While he had hand ascenders, he didn't have ascender stirrups for his feet and couldn't ascend the rope to get out and died from exhaustion.

Astronuc, pinball1970, Wrichik Basu and 1 other person
jedishrfu said:
While he had hand ascenders, he didn't have ascender stirrups for his feet and couldn't ascend the rope to get out and died from exhaustion.
I saw that part of the video. Poor guy. :(

jedishrfu
anorlunda said:
I've been trying to imagine modeling the water falling in that 2000 m
Similar to a waterfall no doubt - misty, huge droplets, air entrained.

One can turn on a tap and see the flow thin out and break up into droplets due to acceleration due to gravity and surface tension.
Just put several thousand of these taps together and investigate to flow.

dlgoff

## 1. What are the potential physical dangers at the world's deepest cave?

The world's deepest cave presents a number of physical dangers, including extreme temperatures, lack of oxygen, and difficult terrain. The temperature in the cave can drop to below freezing, and the lack of oxygen at such depths can lead to dizziness, disorientation, and even loss of consciousness. The terrain can also be treacherous, with narrow passages, steep drops, and loose rocks posing a risk to explorers.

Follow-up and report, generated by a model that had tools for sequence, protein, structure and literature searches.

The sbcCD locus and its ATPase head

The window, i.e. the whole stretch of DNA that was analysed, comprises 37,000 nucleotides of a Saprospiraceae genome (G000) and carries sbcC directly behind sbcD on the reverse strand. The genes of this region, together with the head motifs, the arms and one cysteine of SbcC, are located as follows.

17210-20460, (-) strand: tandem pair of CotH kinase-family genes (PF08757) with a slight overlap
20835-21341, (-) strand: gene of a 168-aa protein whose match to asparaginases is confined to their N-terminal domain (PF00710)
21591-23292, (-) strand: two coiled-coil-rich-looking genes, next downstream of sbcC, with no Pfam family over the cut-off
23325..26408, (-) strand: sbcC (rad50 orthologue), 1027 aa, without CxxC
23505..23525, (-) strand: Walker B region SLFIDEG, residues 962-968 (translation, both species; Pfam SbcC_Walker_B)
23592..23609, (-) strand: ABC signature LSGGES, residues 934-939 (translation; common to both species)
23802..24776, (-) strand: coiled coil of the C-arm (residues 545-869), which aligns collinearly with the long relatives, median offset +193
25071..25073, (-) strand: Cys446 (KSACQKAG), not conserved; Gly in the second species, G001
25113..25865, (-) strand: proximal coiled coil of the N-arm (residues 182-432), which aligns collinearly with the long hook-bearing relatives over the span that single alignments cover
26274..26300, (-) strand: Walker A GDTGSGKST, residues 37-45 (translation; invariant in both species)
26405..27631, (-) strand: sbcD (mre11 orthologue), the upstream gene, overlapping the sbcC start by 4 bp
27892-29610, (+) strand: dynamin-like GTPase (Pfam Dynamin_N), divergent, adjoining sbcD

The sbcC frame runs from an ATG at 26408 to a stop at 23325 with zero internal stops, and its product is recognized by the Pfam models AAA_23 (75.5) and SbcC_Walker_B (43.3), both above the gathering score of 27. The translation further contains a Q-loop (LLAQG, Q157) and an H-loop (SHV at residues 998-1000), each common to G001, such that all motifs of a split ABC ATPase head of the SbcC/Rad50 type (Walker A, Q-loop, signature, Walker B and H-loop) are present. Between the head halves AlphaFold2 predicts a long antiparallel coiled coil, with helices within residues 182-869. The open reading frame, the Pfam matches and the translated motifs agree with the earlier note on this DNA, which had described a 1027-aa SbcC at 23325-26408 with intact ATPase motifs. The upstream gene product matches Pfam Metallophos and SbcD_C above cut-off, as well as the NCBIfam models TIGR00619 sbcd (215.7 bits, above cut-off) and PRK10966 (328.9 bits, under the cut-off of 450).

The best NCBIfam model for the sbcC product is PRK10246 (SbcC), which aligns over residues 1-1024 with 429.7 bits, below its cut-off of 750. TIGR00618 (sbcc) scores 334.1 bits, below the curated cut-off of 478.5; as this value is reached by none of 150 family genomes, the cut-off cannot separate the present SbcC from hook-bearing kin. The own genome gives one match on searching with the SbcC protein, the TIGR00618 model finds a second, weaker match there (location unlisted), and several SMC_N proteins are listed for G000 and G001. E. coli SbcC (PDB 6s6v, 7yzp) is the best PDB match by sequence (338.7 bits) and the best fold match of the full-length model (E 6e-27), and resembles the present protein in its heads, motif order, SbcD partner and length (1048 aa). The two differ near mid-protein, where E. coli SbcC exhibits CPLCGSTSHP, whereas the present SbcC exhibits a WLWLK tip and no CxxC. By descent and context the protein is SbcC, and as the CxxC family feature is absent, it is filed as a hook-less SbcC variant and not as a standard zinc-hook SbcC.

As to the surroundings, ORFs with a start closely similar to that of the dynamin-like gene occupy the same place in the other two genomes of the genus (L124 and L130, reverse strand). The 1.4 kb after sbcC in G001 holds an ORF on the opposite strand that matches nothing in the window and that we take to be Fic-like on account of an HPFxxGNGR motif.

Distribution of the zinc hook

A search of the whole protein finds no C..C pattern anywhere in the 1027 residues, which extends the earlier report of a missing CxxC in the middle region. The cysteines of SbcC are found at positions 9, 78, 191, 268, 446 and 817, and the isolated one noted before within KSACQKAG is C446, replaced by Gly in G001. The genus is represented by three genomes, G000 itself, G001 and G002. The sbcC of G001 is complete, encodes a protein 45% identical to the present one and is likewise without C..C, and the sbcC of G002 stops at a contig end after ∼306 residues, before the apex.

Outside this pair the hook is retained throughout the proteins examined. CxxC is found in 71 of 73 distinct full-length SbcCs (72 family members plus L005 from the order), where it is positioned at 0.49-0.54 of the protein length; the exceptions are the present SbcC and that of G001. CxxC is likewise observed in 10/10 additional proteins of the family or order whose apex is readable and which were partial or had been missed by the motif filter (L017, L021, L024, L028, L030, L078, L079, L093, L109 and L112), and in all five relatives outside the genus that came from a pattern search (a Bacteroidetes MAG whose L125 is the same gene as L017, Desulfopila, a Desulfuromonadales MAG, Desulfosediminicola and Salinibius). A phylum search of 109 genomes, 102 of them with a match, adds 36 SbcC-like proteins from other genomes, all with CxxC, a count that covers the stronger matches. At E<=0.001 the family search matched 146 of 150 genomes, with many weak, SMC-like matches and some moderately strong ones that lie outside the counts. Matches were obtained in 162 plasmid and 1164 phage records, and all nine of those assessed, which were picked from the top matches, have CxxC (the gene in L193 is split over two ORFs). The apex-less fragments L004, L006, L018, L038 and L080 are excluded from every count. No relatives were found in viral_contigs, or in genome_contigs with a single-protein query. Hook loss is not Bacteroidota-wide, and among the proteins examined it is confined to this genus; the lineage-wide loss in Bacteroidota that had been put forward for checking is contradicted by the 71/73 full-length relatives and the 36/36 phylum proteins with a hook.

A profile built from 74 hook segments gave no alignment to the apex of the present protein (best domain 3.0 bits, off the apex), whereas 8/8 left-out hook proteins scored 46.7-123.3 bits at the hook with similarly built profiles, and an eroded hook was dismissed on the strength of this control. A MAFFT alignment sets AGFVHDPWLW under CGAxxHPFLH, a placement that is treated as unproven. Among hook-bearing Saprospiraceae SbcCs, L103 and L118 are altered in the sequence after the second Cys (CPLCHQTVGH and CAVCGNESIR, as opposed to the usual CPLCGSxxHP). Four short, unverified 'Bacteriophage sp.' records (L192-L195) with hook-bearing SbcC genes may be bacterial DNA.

## 2. Are there any biological dangers at the world's deepest cave?

Yes, there are several potential biological dangers at the world's deepest cave. The cave may be home to various species of bacteria, fungi, and other microorganisms that can cause infections or illnesses. In addition, there may be larger animals such as bats or insects that can carry diseases or pose a physical threat to explorers.

## 3. How do scientists prepare for the dangers of the world's deepest cave?

Scientists who plan to explore the world's deepest cave must undergo extensive training and preparation. This may include physical fitness training, learning about cave safety and rescue techniques, and studying the potential dangers of the specific cave they will be exploring. They also typically carry specialized equipment, such as oxygen tanks and protective gear, to help mitigate some of the dangers.

## 4. What precautions should be taken to ensure the safety of scientists exploring the world's deepest cave?

Scientists exploring the world's deepest cave should always follow proper safety protocols and procedures. This includes traveling in groups, carrying necessary equipment and supplies, and regularly checking in with a surface support team. They should also be aware of their own physical limitations and take breaks as needed to prevent exhaustion or other health risks.

## 5. What discoveries have been made in the world's deepest cave despite the dangers?

Despite the dangers, scientists have made some incredible discoveries in the world's deepest cave. These include new species of bacteria and other microorganisms, unique geological formations, and even evidence of ancient human settlements. The extreme conditions of the cave can also provide valuable insights into the limits of human endurance and the potential for life in extreme environments.